The Skullcandy brand, historically, is one associated with attractive, lifestyle-centric headphones that deliver serviceable, if unspectacular, audio. The company aims to change that perception with the Skullcandy Slyr Gaming Headset, a reasonably-priced PC, PS3, and Xbox 360 gaming headset that looks to make a splash in the sub-$100 space. Featuring a slick, youthful design, surprisingly good audio, and multiple connectivity options, SLYR is a gaming headset that may change your perception of Skullcandy cans. Note: I reviewed two SLYR headsets. The first model’s connector tip broke off in my Samsung Galaxy Note II. The second model suffered no such fate.
SLYR, in terms of strict physicality, is an attractive gaming headset. My white review sample (which also comes in blue and black/yellow color schemes) garnered numerous compliments when I wore them in the wild. The clean, Apple-like white is interspersed with black highlights and cups — as well as a black headband cushion and Skullcandy logo — which gives the headset visual pop without being obnoxious. Oftentimes gaming headset makers go out of their way to create gaudy “gamer” cans that resemble the Las Vegas Strip more so than something that a person would actually want to wear outside the mancave. Skullcandy has done good here.
The expandable bands, on the other hand, aren’t quite of the same quality — they bend with little pressure. They lack the rigidness that you’d find in the likes of the high-end Astro A50 — a $299 premium gaming headset. That said, SLYR is lighter and less hefty, so if you despise bulk, this gaming headset is worth a consideration. Another nice touch is the EZ Stash Mic, a boom mic that stashes away out of sight when you flip it upward.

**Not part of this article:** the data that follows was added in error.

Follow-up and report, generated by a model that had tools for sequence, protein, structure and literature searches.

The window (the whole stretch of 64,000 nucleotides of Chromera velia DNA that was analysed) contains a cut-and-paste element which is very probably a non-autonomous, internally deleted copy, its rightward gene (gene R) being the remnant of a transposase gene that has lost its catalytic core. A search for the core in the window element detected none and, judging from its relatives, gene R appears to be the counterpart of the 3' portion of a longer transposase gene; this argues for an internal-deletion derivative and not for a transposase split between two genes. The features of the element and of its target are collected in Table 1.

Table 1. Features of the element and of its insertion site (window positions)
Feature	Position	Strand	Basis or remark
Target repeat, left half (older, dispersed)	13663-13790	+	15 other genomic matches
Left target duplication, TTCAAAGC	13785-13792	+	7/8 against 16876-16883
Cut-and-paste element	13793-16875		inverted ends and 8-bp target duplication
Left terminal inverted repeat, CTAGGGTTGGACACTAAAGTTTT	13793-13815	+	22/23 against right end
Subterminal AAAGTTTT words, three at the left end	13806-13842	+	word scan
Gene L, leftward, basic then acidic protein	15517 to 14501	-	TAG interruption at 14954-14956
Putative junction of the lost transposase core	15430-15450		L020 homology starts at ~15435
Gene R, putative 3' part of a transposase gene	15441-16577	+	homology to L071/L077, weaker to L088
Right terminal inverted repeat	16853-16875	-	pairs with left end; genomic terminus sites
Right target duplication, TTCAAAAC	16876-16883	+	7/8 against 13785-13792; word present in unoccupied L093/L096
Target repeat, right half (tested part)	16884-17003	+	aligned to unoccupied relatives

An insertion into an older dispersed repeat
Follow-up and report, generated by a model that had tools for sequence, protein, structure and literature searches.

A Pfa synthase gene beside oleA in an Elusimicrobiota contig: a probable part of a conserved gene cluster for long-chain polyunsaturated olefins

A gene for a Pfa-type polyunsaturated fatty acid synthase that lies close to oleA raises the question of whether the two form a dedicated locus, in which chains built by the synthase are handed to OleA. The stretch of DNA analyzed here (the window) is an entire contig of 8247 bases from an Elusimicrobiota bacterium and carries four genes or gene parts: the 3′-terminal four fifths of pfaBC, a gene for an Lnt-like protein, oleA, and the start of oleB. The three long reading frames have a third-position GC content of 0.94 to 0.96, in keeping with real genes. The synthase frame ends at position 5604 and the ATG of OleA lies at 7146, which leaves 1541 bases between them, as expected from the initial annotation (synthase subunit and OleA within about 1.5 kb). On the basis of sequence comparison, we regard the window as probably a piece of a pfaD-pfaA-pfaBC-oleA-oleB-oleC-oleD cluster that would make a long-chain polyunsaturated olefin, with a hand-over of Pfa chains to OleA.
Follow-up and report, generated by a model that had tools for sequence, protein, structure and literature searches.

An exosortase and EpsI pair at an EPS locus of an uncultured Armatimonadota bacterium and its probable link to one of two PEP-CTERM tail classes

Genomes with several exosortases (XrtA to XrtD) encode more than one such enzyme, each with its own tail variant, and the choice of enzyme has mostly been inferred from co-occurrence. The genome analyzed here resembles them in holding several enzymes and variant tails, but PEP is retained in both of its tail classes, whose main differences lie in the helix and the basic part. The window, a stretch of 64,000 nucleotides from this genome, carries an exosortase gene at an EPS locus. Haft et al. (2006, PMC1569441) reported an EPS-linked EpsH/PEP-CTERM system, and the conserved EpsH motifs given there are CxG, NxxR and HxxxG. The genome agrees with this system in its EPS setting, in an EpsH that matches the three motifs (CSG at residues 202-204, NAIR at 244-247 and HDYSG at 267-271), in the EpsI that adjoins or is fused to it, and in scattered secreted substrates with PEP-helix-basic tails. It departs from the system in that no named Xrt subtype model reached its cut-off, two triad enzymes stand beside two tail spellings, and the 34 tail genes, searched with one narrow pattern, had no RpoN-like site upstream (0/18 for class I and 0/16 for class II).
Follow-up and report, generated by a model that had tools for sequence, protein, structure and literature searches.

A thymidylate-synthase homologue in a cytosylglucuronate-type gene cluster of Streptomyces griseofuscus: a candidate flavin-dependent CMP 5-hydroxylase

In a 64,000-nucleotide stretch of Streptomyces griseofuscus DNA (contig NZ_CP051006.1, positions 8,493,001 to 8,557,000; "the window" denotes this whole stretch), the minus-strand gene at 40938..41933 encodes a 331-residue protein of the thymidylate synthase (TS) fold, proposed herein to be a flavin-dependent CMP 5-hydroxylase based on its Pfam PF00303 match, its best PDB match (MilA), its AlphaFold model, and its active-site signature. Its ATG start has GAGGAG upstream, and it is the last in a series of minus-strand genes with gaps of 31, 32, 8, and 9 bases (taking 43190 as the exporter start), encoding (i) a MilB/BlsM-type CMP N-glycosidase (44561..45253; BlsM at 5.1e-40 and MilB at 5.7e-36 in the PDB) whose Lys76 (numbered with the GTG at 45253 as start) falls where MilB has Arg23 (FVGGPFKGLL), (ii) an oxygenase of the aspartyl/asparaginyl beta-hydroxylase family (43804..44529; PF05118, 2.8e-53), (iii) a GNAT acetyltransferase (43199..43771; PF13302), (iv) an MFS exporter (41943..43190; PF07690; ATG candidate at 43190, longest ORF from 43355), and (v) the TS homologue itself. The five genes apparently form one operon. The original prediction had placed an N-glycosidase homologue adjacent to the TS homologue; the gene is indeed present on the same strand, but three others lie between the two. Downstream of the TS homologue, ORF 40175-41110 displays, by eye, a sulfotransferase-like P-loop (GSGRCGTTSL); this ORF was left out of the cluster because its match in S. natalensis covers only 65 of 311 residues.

A small nitpick: SLYR lacks dedicated cup-based volume control. Skullcandy, however, includes its GMX In-Line Mixer which balances voice and game audio, and adds three EQ settings: Bass Mode, Precision Mode, and Supreme Mode. Bass Mode boosts the bottom end, but sometimes muddies the soundscape depending on the song; Precision Mode highlights treble; Supreme Mode is the sweet spot between the two extremes that provides the best balance. The mixer has both HDMI and Xbox 360 RCA cable ports, so you have flexibility in how you wish to use the headset. That said, hooking up the SLYR to a Xbox 360 results in an unsightly snakepit of cables much like the Skullcandy PLYR 2.
SLYR’s Supreme Sound technology delivers strong audio that should please most ears. I donned the headset to listen to my favorite podcasts, tune into Slacker Radio, and play Deus Ex: Human Revolution. The podcasts didn’t demonstrate SLYR’s audio muscle as they featured just a few people chatting — there wasn’t much audio depth.
Slacker Radio and Deus Ex: Human Revolution, on the other hand, was where SLYR shined. The bass line in Talking Heads’ “Cities” bounced with fresh energy, and the song as a whole sounded louder and fuller. Deus EX: Human Revolution‘s gunfire and explosions hit with more impact, but surround sound in any fashion would’ve further enhanced the audio experience. The headset performed well as a communication device, too. Friends that I chatted online commented that the sound quality rivaled that of a cell phone with good reception.
Skullycandy SLYR is a good first step at entering the gaming/lifestyle market, but it lacks the chops to snare the gamer who is serious about his or her audio. Still, if you don’t want to drop $200 – $300 on a set of cans for quality sound, the SLYR is worth consideration.
You can buy the Skullcandy Slyr Gaming Headset at Amazon.com for $69.99.